The Utility of Nuclear and Conventional Forces in the Second Nuclear Age: A Japanese Military Perspective

The Utility of Nuclear and Conventional Forces in the Second Nuclear Age
A Japanese Military Perspective

by Noboru Yamaguchi
January 26, 2015

This is one of seven essays in the roundtable “Approaching Critical Mass: Asia’s Multipolar Nuclear Future.”

Noboru Yamaguchi is Lieutenant General (Ret.) in the Japan Ground Self-Defense Force and Professor at the National Defense Academy of Japan.

This is one of seven essays in the roundtable Approaching Critical Mass: Asia’s Multipolar Nuclear Future.

In the recent debate on Japan’s security policy, the proliferation of WMD and their delivery means, such as missiles, has been one of the central issues. This issue is particularly critical to Japan, given North Korea’s acceleration of its nuclear weapons program alongside its long-range missile project. Japan’s new National Security Strategy (NSS) and National Defense Program Guidelines (NDPG) focus on both nuclear proliferation and the emerging nuclear threat posed by North Korea. At the same time, tension between Japan and China in the East China Sea has been increasing, while tensions between China and countries in the South China Sea have similarly been on the rise.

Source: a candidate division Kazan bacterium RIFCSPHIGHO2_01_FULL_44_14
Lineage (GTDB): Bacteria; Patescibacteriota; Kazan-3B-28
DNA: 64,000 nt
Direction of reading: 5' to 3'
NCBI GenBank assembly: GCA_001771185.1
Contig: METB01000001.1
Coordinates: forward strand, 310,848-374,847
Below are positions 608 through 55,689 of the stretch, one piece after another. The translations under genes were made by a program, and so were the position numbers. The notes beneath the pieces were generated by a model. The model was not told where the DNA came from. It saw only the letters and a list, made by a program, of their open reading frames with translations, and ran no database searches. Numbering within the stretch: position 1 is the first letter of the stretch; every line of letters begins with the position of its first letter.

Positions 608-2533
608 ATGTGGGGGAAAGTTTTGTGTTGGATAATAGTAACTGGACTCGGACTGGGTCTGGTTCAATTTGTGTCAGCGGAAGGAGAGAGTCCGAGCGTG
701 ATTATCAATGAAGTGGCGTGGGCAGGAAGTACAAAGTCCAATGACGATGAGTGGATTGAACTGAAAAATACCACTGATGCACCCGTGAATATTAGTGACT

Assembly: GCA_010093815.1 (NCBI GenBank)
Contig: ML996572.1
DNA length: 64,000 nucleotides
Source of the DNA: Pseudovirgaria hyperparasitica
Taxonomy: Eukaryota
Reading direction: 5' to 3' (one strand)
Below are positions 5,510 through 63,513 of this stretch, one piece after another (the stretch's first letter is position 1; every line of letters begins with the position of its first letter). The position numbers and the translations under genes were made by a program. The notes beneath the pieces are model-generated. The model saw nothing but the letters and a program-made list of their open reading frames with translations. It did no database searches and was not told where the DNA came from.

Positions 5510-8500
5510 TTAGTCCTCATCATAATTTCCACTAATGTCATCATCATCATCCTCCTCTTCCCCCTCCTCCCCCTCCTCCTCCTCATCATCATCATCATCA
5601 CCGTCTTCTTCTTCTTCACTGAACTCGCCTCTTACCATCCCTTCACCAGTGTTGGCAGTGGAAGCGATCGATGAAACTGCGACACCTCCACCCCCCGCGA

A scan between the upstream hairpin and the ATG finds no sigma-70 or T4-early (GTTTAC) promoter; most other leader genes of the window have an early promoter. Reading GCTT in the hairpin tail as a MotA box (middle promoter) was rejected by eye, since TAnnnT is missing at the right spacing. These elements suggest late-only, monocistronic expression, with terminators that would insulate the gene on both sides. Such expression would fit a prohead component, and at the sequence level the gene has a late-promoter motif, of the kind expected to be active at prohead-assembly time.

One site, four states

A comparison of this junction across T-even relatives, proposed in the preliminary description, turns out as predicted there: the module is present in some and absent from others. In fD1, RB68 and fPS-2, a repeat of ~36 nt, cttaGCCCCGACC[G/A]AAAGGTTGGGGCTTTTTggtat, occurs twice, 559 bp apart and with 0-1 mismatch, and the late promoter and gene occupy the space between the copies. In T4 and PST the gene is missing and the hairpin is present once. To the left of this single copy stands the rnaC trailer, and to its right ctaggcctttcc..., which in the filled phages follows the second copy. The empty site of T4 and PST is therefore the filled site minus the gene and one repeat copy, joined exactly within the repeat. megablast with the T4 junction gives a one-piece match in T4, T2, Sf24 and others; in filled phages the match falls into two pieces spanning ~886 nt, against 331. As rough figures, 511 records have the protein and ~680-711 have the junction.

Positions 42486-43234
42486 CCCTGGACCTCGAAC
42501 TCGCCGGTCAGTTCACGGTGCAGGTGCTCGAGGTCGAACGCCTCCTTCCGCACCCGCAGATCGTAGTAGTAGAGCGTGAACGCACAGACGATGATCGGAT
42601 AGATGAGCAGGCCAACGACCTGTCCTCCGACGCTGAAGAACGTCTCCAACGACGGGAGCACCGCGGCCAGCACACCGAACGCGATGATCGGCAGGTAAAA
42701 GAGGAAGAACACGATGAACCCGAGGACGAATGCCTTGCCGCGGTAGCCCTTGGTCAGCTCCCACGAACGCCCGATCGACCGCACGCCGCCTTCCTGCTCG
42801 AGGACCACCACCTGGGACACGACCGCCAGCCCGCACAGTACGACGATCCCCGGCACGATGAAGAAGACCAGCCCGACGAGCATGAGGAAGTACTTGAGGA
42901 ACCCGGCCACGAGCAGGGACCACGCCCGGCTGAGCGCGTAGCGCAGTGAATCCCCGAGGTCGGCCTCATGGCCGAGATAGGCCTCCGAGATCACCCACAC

This essay will present a Japanese perspective on the nuclear dimension of regional security by, first, explaining Japan’s nuclear-related policies; second, discussing the roles of nuclear forces in Japan’s security policy; and, third, exploring Japan’s security strategy for managing a possible stability-instability paradox in the region, with particular emphasis on the East China Sea.

Japan’s Non-Nuclear Policy and Nuclear Forces

One of the most important aspects of Japan’s security policy since World War II is its non-nuclear policy based on the “three non-nuclear principles,” referring to the principles of not possessing nuclear weapons, not producing them, and not permitting their entry into Japan. [1] Not only does Japan adhere to these three principles as fundamental elements of its national policy, but Japan’s Atomic Energy Basic Law also prohibits the country from manufacturing or possessing nuclear weapons. Furthermore, Japan ratified the Treaty on the Non-Proliferation of Nuclear Weapons (NPT) in June 1976 and put itself under strict obligation not to produce or acquire nuclear weapons as a non-nuclear weapons state.


[1]This policy is explained in Japan’s annual defense white paper. See Ministry of Defense (Japan), Defense of Japan 2013 (Tokyo, 2013),

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